MANSFIELD — Regardless of the sport, there are no easy games in District 10-5A. Tuesday night on the baseball diamond was a testament to the fact, as No. 7 (12-3, 1-0) Waxahachie and (4-13, 0-1) Mansfield Summit decided a seven-inning ballgame would not be enough.

It took eight innings, but the Indians battled through for the 3-2 win over the host Jaguars to start the district slate with a tally in the left-hand side of the win-loss column.

In the top of the eighth inning, Ryan Hampton executed a textbook sacrifice bunt down the third baseline with Sage Hampton on first base — who had reached by hustling down the line on a dropped third strike. The throw to first base was dropped, Hampton again out-hustled a throw — and the shortstop — to third base and then broke for home after that throw was wide of the bag.

The sophomore outfielder scampered home just ahead of the throw to give the Indians the eventual 3-2 win.

Emphasis on the “just ahead,” as Hampton needed every inch of his fingertips to reach around the catcher to swipe the plate with his right hand.

“I’m proud of them. They battled and they battled the whole stinking way,” said head baseball coach Tracy Wood. “We had a bunch of things go against us tonight and whatever it was, like a kid tripping over his own bat or maybe the strike zone being a little small or Levi [David] not being as sharp as he has been, but we still had some good at-bats. […] I’m proud of them and they battled their tails off.”

David and fellow senior Cory Woodhouse (3-1) dominated the Mansfield Summit batters during the one-run win. The two combined to record 17 strikeouts and allowed just three hits. Every Jaguar starter struck out at least once, with two accounting for three strikeouts, each.

Though David struggled a bit with consistently finding the strike zone, he managed to tally 12 strikeouts over his 4.2 innings of work with one hit and five walks allowed. He was also charged with the only two runs scored by the Jaguars — neither via a hit.

As for Woodhouse, the righty worked his 3.1 innings of relief in perfect compliment to his hard-throwing counterpart. He recorded five strikeouts with two hits and did not issue a free pass en route to his third win of the season and second in less than a week. Woodhouse last pitched Friday in the Corsicana tournament against Robert E. Lee High School where he notched his second consecutive complete-game win.

“There was nobody more valuable than Cory Woodhouse tonight. That is for sure. We know what we got with that guy, and he isn’t anything but a strike thrower in the bottom half of the zone, and he does a great job,” Wood said. “He was fantastic and it literally looked like he was playing catch out there. He did a great job.”

David surrendered his first of two runs in the bottom of the first inning when he was called for a balk with a runner on third base after a double-play ground ball. The Indians then stranded a pair of runners on the basepaths in the top of the second inning before David found a bit of a groove in the lower half of the strike zone in the Jaguar half of the inning.

The righty used 18 pitches to strike out the side in order. He also recorded three strikeouts in order in the fourth and fifth innings, only to have a passed ball on strike three put a Jaguar aboard to start the fifth.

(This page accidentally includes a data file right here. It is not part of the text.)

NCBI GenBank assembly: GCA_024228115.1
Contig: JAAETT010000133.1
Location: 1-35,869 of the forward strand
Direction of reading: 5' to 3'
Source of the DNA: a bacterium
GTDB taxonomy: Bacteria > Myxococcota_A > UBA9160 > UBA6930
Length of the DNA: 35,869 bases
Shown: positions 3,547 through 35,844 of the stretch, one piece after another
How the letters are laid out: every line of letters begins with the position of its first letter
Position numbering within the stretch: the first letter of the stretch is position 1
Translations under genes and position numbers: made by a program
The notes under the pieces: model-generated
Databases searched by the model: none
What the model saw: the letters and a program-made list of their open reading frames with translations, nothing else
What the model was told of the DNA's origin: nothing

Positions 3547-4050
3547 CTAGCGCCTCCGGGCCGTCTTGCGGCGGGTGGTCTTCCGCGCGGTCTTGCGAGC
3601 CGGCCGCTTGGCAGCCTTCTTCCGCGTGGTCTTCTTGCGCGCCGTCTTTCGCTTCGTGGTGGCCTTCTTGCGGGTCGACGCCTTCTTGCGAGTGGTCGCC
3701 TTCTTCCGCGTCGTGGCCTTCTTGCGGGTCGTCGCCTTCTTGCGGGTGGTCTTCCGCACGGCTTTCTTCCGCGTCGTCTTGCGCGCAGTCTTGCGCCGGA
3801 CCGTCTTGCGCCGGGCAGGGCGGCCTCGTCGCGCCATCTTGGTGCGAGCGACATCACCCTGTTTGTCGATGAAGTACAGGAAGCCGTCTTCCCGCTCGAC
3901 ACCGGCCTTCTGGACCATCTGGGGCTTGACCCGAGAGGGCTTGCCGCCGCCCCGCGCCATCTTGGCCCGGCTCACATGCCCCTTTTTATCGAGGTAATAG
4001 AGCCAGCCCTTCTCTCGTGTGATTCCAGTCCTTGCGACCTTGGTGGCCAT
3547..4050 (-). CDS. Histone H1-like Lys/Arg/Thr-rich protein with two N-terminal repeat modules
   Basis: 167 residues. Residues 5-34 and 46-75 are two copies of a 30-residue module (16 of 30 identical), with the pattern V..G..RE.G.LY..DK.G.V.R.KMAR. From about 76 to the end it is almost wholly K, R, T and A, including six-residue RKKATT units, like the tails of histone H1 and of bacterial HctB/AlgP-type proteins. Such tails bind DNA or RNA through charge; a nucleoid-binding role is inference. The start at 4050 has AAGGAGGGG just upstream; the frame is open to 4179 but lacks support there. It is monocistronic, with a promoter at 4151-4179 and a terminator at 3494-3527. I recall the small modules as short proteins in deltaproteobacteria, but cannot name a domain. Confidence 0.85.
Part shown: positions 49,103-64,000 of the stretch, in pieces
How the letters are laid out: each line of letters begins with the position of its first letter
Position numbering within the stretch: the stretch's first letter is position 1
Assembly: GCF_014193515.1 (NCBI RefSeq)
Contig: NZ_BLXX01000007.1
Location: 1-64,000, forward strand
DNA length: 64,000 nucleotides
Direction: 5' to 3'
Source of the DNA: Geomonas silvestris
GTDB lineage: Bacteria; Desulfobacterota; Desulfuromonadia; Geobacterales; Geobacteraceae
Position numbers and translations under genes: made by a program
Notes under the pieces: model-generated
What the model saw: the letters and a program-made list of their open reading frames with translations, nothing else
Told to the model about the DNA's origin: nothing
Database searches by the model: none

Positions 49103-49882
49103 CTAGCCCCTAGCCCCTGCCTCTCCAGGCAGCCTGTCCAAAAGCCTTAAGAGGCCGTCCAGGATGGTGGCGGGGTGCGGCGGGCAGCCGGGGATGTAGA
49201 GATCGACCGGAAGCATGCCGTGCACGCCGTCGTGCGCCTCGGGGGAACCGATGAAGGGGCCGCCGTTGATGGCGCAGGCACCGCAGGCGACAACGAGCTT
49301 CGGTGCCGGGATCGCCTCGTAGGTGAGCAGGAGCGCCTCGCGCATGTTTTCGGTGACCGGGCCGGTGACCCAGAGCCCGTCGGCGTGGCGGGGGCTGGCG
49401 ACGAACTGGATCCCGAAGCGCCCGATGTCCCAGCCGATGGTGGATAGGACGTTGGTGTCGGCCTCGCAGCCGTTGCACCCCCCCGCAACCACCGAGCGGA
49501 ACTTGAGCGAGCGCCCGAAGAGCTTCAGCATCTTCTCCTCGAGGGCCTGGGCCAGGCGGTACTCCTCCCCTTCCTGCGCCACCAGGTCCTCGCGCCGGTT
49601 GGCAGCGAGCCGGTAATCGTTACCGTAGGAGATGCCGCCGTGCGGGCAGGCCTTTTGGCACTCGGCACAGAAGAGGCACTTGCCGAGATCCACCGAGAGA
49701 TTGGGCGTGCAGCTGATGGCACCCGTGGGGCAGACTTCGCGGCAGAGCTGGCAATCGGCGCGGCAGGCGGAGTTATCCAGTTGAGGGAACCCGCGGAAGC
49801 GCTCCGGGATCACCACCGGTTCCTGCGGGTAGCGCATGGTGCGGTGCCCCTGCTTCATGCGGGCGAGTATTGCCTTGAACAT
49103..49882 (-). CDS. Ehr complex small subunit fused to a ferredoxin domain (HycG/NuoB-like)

In that fifth inning, David was chased from the ballgame after Grant Easton looped a Texas leaguer into short left field for the first Jaguar hit of the ballgame. With David nearing the newly minted UIL pitch-count maximum (110), Wood brought in Woodhouse with a runner on first base and the game still tied at two.

Victor Clark worked the count full but fell victim to a Woodhouse curveball in the dirt for the first of five strikeouts the right-handed hurler recorded on the evening.

Two innings later, Woodhouse complimented a solid defensive play shortstop Trevin Robinson made on a slow roller with a pair of strikeouts to send the game into the eighth inning.

The ensuing snowball fight between the Summit infielders in the top of the eighth and a bowed-neck outing in the bottom of the inning by Woodhouse sealed the one-run win.

Waxahachie scored its first two runs in the top-half of the first inning. After Robinson drew a leadoff walk and Peyton Graham singled through the right side, centerfield Alec Sanchez laid down a safety squeeze to score Robinson from third. David then singled to center field to score Graham two batters later.

The Indians had chances to tack on runs, though, as they stranded nine base runners on the evening.

In the top of the third inning, Summit’s Ryland Richard laid out for an acrobatic snag down the left field line to rob catcher Trey Thompson of extra bases and a pair of RBIs.

“He took away two runs and you have to give him credit for his effort there,” noted Wood after the game. “We also had a base running error [in the fourth inning] with the four-hole coming to the plate and a runner on third, but he was hustling and was trying to get to second. We won’t ever knock a kid for hustling.

“[…] I’m proud of my baseball team. I’m telling you, this district is going to be a war every night. We are going to go back to work Thursday after a day off for Spring Break, but I think you are going to see these guys compete every day. I really do.

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Travis M. Smith, @Travis5mith

(469) 517-1470